TenTen hid her face in her pillow.

I pressed my face into TenTen's shoulder, sighing.

"We can try again," I whispered. "We know what to expect now. . . We can figure it out."

TenTen shifted her face to look at me; her face was blotchy and there were tears in her eyes.

"You're perfect," I said, kissing her mouth.

I felt her smile and let hope rekindle within me.

Due to an increase of jobs, Tsunade began sending every shinobi on more solo missions.

On that particular morning, TenTen had been given a mission only a few towns away. It wasn't specifically suited to her specialty of weapons, but Tsunade was so overworked it didn't matter.

Neither of us had been worried about it. It was a C-ranked mission, a little beneath TenTen's abilities, but she took it nonetheless to appease the Hokage.

"I have to go," she murmured to me.

I crushed her to me, smirking at her protests.

"I'm going to be late," she chided, rolling her eyes as I kissed her more firmly.

I eventually released her, escorting her to the front door.

"I wish I could go with you," I said.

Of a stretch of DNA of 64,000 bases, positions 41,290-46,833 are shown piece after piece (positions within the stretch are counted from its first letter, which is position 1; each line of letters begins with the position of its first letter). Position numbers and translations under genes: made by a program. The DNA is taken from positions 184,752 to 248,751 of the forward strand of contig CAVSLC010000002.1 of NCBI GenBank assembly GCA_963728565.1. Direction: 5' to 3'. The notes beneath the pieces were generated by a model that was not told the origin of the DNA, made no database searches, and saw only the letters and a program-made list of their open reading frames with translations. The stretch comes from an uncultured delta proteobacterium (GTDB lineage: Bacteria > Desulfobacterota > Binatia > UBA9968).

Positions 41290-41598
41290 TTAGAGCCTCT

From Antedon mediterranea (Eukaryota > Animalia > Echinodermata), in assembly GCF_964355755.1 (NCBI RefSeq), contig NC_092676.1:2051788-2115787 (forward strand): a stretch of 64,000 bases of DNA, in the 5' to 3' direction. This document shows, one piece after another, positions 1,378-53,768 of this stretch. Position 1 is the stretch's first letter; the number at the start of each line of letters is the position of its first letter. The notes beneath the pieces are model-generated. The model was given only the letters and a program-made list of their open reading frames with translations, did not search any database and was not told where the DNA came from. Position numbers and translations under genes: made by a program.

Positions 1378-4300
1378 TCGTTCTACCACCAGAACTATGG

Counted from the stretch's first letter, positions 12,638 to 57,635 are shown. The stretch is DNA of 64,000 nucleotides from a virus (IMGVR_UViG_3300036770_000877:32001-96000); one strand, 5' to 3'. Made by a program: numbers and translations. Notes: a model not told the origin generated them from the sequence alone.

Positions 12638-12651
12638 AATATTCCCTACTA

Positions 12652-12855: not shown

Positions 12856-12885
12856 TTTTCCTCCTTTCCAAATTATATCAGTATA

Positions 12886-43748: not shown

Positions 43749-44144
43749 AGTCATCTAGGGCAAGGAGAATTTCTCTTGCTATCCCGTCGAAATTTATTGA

Some of TenTen's old indignation surfaced and she glared at me.

"What, you don't think I can complete a C-ranked mission by myself?" she challenged. "I'm just as good as you."

"I know you are," I answered, sharing with her one of my rare smiles.

Pleased, TenTen stole another kiss before disappearing out the door, her steps measured.

I went about my day like I would any other. I trained with Guy, since Lee had also been sent on a solo mission.

My old sensei had taken to quizzing me about my intentions and hinting that marriage in the spring was particularly youthful.

I didn't indulge him, because I was still uncertain how Hiashi would react. I wanted everything to be taken care of before I even broached the topic with TenTen.

I spent the rest of the daylight hours at Guy's house, declining when he invited me to stay for dinner.

Guy and I had trained the majority of the day, and I was tired. I walked to the Hyuga compound and ate dinner with my family, retiring to my room afterwards.

I fell asleep almost instantly, unaware that in a matter of hours, my life would take a devastating turn.

Simply put, TenTen was ambushed and hadn't been expecting it.

It was such a clean explanation on paper, it almost felt like I was the one at fault for feeling the way I did.